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From an initial dream of being a doctor to interning with NASA to eventually landing in the C-Suite at Intuit, Atticus Tysen (LinkedIn) has traveled a long and winding road. As the CIO of Intuit, which makes products such as QuickBooks and TurboTax, and brings in more than $5 billion per year in revenue, Atticus has a lot of responsibilities on his plate. IT, he says, is the Achilles heel of an organization and being in charge of IT for a company as large as Intuit means there are many challenges but just as many exciting innovations and success stories.
On this episode of IT Visionaries, Atticus discusses all of that and more, and he digs deep into how the processes and products Intuit creates ultimately always comes down to what is best for the customer.
Best Advice: “Really be curious about the business your company is in and deeply understand that.”
Atticus’s start in technology — (1:30)
After initially thinking he wanted to be a doctor, Atticus completely shifted gears in college and eventually moved toward tech. His first internship was with NASA doing bed rest studies and looking at the effects being in space would have on the body. While doing that he saw the technical work being done by the computer scientists and became interested in learning how to do them himself. He got a computer science degree and went to work for Apple soon after graduating and eventually landed at Intuit in the intellectual property department. After 11 years, he moved into the IT department.
“I really felt like IT was our Achilles heel. I would always hear from product teams, ‘Well, the reason we can’t do that is because of IT.’ And eventually, I thought, well, let’s go fix that. I loved the company and wanted to try to give back and try to help and I thought, ‘I’m an engineer. How hard can this be? We’ll just fix it.’ Turns out it is not a technology problem, it’s more a human problem and technology problem. And so now I’ve been doing the role for five and a half years and really love it.”
Growing into the role of CIO — (7:00)
Prior to getting into IT, Atticus admits that he really didn’t know how the company was run or how it worked. Once he entered the world of IT, he had a greater understanding of exactly how Intuit operated in every way. For the first year in the CIO role, Atticus says he mainly was putting out fires, learning operations and the technology involved, and, eventually, figuring out ways to provide advantages to the company through technology.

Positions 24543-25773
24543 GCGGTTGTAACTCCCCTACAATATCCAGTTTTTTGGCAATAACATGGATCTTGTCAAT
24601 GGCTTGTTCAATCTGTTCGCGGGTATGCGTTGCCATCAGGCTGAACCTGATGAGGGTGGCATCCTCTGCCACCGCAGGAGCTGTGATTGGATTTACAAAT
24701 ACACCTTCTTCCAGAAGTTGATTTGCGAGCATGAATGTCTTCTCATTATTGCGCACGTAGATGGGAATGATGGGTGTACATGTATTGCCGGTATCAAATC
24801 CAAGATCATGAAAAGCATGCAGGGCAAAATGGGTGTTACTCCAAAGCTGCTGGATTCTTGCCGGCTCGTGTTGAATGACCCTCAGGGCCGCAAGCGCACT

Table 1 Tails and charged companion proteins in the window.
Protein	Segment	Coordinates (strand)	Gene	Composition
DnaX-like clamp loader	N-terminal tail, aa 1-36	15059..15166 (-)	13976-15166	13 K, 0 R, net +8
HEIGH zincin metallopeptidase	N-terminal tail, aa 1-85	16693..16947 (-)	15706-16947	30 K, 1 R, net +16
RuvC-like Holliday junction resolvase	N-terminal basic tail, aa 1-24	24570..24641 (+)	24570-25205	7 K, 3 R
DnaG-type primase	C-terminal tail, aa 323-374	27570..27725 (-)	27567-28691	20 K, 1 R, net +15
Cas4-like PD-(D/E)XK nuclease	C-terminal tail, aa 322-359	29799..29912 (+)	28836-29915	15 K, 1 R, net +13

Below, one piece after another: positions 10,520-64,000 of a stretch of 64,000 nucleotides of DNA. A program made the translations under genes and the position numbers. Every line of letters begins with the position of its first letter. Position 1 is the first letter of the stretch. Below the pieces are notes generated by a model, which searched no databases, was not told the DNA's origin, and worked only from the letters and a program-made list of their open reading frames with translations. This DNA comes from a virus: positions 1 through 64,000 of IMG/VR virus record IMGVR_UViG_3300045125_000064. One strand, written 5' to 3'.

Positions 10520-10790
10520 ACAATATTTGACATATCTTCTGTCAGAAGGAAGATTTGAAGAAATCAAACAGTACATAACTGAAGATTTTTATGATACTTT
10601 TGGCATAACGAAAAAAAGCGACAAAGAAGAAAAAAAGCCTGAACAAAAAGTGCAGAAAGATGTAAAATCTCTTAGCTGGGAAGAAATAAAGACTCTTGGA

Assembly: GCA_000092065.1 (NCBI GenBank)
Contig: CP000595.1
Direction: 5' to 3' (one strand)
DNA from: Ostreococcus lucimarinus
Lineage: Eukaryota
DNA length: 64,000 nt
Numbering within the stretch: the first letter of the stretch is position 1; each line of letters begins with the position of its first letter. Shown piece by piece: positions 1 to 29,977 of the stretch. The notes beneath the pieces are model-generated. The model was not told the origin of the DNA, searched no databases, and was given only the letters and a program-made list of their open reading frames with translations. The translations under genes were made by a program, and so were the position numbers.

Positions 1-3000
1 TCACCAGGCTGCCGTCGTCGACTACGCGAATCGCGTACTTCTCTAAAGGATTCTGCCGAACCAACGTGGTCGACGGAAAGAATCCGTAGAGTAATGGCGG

“That’s been a great benefit of being in the role is learning how the company really does operate and where the money flows and where the issues are. IT is good for that.”
“10 years ago, I think if you were the CIO, your job was to implement stuff. Now as the CIO, you’re job is not to do that. Your job is to help make sure your company is using technology the best it can. And it doesn’t mean you own everything and it doesn’t mean you operate everything, but it does mean you’re trying to make sure it’s secure and it scales. But technology comes from all over the place. And as the CIO, you’ve got to have a view of all of that and really make sure your company is doing the best it can. That’s a very different job than implementing.”
“I think the role evolves to be much more an enabler of multiple people using technologies across an enterprise. And they’re much more focused on life cycle management of technologies that are going to get shorter and shorter as opposed to implementing specific pieces of tech.”
Implementing new technology — (11:00)
At Intuit, Atticus says that there is a great deal of support for entrepreneurial ideas and implementing new technology. Rather than resisting change or disruption, Atticus says that he and the rest of his IT team look at the reasons behind the ask and try to figure out the best ways to make the ask into a reality.
“One of the things we talk about in IT is our job is really to say ‘how’ not ‘no.’ And so when somebody comes and they want to do something, the first step is to just understand what are they trying to do before saying no….People in IT almost always know a hundred reasons why something shouldn’t happen. They know all the risks, they know all the problems. And if they lead with that, that plays right into all the old tapes of the IT department is slow and they don’t move fast. And so you can’t fall into that trap. You got to just hold that back a little bit and first try to understand what is the business really trying to do. And then you can start to say, ‘Here’s a couple of ways you could do that.’”
Deciding on governance — (18:20)
Atticus says that governance ultimately comes down to what is best for the customer. And, at Intuit, the relationship with the customer has been important from the start. Intuit began a program called “Follow Me Home,” in which if a customer bought a product, someone from Intuit would follow them home or to their office to see exactly how the product was being used and what could be improved for that customer.